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  • illustration of dinosaur doomsday
  • Greenland shark
  • Rudi Mandl
Your search has returned 49 articles:
  • Editor's Note

    Scientists find amazement in what’s most familiar

    For her 7th birthday, my niece received a very special gift — a compound light microscope with a set of slides. As soon as we got it out of the package, she became a diligent young investigator, studying the leg of a fly, dog cardiac muscle and onion epidermal cells. But it wasn’t the prepared slides that captivated her most. She wanted to investigate more familiar things. We plucked hairs...

    04/19/2017 - 11:50 Particle Physics, Animals
  • Editor's Note

    If there are curious young minds, science will survive

    One evening last month at the National Building Museum in Washington, D.C., 40 high school seniors dressed in formal wear and nibbling hors d’oeuvres showed off their scientific research to a crowd of more than 500 people. Positioned at their posters, the students enthusiastically described their efforts to improve quadcopter flight control, study implicit bias and gender stereotypes, and...

    04/05/2017 - 10:40 Science & Society
  • Editor's Note

    Science’s questions rarely have clear, easy answers

    There are few simple answers in science. Even seemingly straightforward questions, when probed by people in search of proof, lead to more questions. Those questions lead to nuances, layers of complexity and, more often than we might expect, conclusions that contradict initial intuition.

    In the 1990s, researchers asking “How do we fight oxygen-hungry cancer cells?” offered an obvious...

    02/22/2017 - 12:47 Science & Society
  • Editor's Note

    Supernova story continues, just like science journalism

    Some stories are just too good to let go. Ian Shelton first spotted supernova 1987A on the evening of Monday, February 23, 1987. A notice announcing the discovery appeared in the issue of Science News that went to the printer that Wednesday — and articles followed in each of the next three issues, with more than a dozen stories about the stellar explosion over the course of the year. “It’s...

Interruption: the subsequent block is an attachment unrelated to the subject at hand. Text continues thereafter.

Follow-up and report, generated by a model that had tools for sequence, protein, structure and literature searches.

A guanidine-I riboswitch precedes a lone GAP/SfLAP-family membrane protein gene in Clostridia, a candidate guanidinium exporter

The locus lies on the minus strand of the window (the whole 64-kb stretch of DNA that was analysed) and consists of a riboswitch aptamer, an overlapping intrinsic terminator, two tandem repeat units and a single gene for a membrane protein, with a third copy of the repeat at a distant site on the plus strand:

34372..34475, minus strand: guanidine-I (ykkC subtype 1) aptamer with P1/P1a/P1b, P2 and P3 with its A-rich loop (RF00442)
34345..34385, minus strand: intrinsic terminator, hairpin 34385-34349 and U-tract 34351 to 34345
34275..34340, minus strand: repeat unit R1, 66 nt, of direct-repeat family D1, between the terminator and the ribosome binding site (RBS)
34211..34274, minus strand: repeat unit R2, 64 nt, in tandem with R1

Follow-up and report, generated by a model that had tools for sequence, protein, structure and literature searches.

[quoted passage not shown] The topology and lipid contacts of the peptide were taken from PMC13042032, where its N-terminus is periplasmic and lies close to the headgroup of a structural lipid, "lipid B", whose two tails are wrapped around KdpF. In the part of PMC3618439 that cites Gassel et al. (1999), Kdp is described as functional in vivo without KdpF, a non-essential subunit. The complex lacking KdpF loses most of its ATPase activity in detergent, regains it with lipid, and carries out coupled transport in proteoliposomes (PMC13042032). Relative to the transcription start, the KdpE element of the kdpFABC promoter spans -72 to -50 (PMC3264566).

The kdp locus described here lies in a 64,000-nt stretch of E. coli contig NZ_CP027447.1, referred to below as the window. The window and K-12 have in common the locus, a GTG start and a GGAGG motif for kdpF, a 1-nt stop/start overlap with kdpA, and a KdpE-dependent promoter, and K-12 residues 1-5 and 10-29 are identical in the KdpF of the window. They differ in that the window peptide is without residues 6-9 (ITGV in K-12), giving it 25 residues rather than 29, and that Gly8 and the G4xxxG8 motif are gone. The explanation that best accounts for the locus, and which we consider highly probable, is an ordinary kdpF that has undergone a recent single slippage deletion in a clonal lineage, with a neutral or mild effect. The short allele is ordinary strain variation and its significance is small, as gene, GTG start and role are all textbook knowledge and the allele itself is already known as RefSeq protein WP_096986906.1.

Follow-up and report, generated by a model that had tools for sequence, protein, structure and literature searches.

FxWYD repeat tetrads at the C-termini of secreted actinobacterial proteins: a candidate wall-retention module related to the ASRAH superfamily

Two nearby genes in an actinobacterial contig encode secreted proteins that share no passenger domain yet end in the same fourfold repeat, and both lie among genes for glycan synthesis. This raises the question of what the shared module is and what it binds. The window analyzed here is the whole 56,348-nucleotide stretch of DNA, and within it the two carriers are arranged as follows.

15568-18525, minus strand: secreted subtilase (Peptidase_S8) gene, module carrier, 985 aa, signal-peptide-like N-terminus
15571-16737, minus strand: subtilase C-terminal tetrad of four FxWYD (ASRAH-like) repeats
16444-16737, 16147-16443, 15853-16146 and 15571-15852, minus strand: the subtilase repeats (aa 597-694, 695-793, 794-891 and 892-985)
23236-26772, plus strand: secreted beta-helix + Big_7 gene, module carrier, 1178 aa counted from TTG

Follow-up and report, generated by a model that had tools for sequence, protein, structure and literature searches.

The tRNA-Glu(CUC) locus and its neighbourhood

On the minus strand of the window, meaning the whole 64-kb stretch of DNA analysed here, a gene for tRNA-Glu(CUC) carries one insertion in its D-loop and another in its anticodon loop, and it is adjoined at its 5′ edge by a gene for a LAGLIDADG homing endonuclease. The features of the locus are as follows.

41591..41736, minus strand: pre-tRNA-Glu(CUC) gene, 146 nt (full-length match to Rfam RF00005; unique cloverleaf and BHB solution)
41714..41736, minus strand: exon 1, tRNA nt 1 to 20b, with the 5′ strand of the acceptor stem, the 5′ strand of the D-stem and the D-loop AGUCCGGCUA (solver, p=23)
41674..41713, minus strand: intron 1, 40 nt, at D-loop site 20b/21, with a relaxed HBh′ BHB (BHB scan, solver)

02/08/2017 - 12:45 Astronomy
  • Feature

    Devastation detectives try to solve dinosaur disappearance

    Below the shimmering turquoise waters of Mexico’s Yucatán Peninsula lies the scene of a prehistoric mass murder. In a geologic instant, most animal and plant species perished. Drilling through hundreds of meters of rock, investigators have finally reached the footprint left by the accused: Earth’s most notorious space rock impact, Chicxulub. The dinosaur killer.

    Sleuthing scientists are...

    01/25/2017 - 14:30 Earth, Paleontology
  • News

    Study ranks Greenland shark as longest-lived vertebrate

    The latest in birthday science proposes that the vertebrate with the longest life span yet measured is the mysterious Greenland shark.

    Dating based on forms of carbon found in sharks’ eye lenses suggests that a large female Somniosus microcephalus was about 392 years old (give or take 120 years) when she died, says marine biologist Julius Nielsen of University of Copenhagen. Even with...

    08/11/2016 - 14:00 Animals, Conservation
  • Context

    The amateur who helped Einstein see the light

    Generally speaking, general relativity is not the sort of physics that offers much fodder for amateurs. Its mathematical intricacies were too much even for Einstein at first. He struggled for years to find the equations that showed how general relativity could describe gravity, finally succeeding in 1915.

    But a couple of decades later, an eccentric amateur noticed a consequence of...

    10/01/2015 - 06:00 History of Science
  • News

    Loss of vision meant energy savings for cavefish

    Eyes and the brain tissue needed for vision demand about 15 percent of the energy budget of a young Mexican fish, researchers have found. This hard-to-discover percentage supports the idea that energy cost-cutting helps explain how cavefish go blind.

    That 15 percent represents a notable energy demand for a 1-gram juvenile Mexican tetra fish (Astyanax mexicanus) at rest, says fish...

    09/11/2015 - 14:00 Animals, Physiology, Evolution
  • Scicurious

    No matter the language, disease risk is hard to communicate

    At the beginning of June, my travel companion and I were lost somewhere in the bowels of the Seoul subway in South Korea. As we puzzled over a map we could barely read, a kind young woman, a surgical mask covering her nose and mouth, stopped and offered to help us find our way. As she led us to our next train, she looked at me seriously. “You should get one of these,” she said, gesturing to...

    06/29/2015 - 16:56 Science & Society, Health
  • How Bizarre

    Fossil worm adds head to its spiny appearance

    View the video

    Whether it’s upside down or right side up, Hallucigenia sparsa looks like it wriggled right out of a nightmare. And giving the wormlike creepy-crawly a head hasn’t helped.

    An analysis of 508-million-year-old H. sparsa fossils from the Burgess Shale in Canada revealed that the 10- to 50-millimeter-long critter had a small pair of simple eyes set atop a narrow head....

    06/24/2015 - 13:00 Paleontology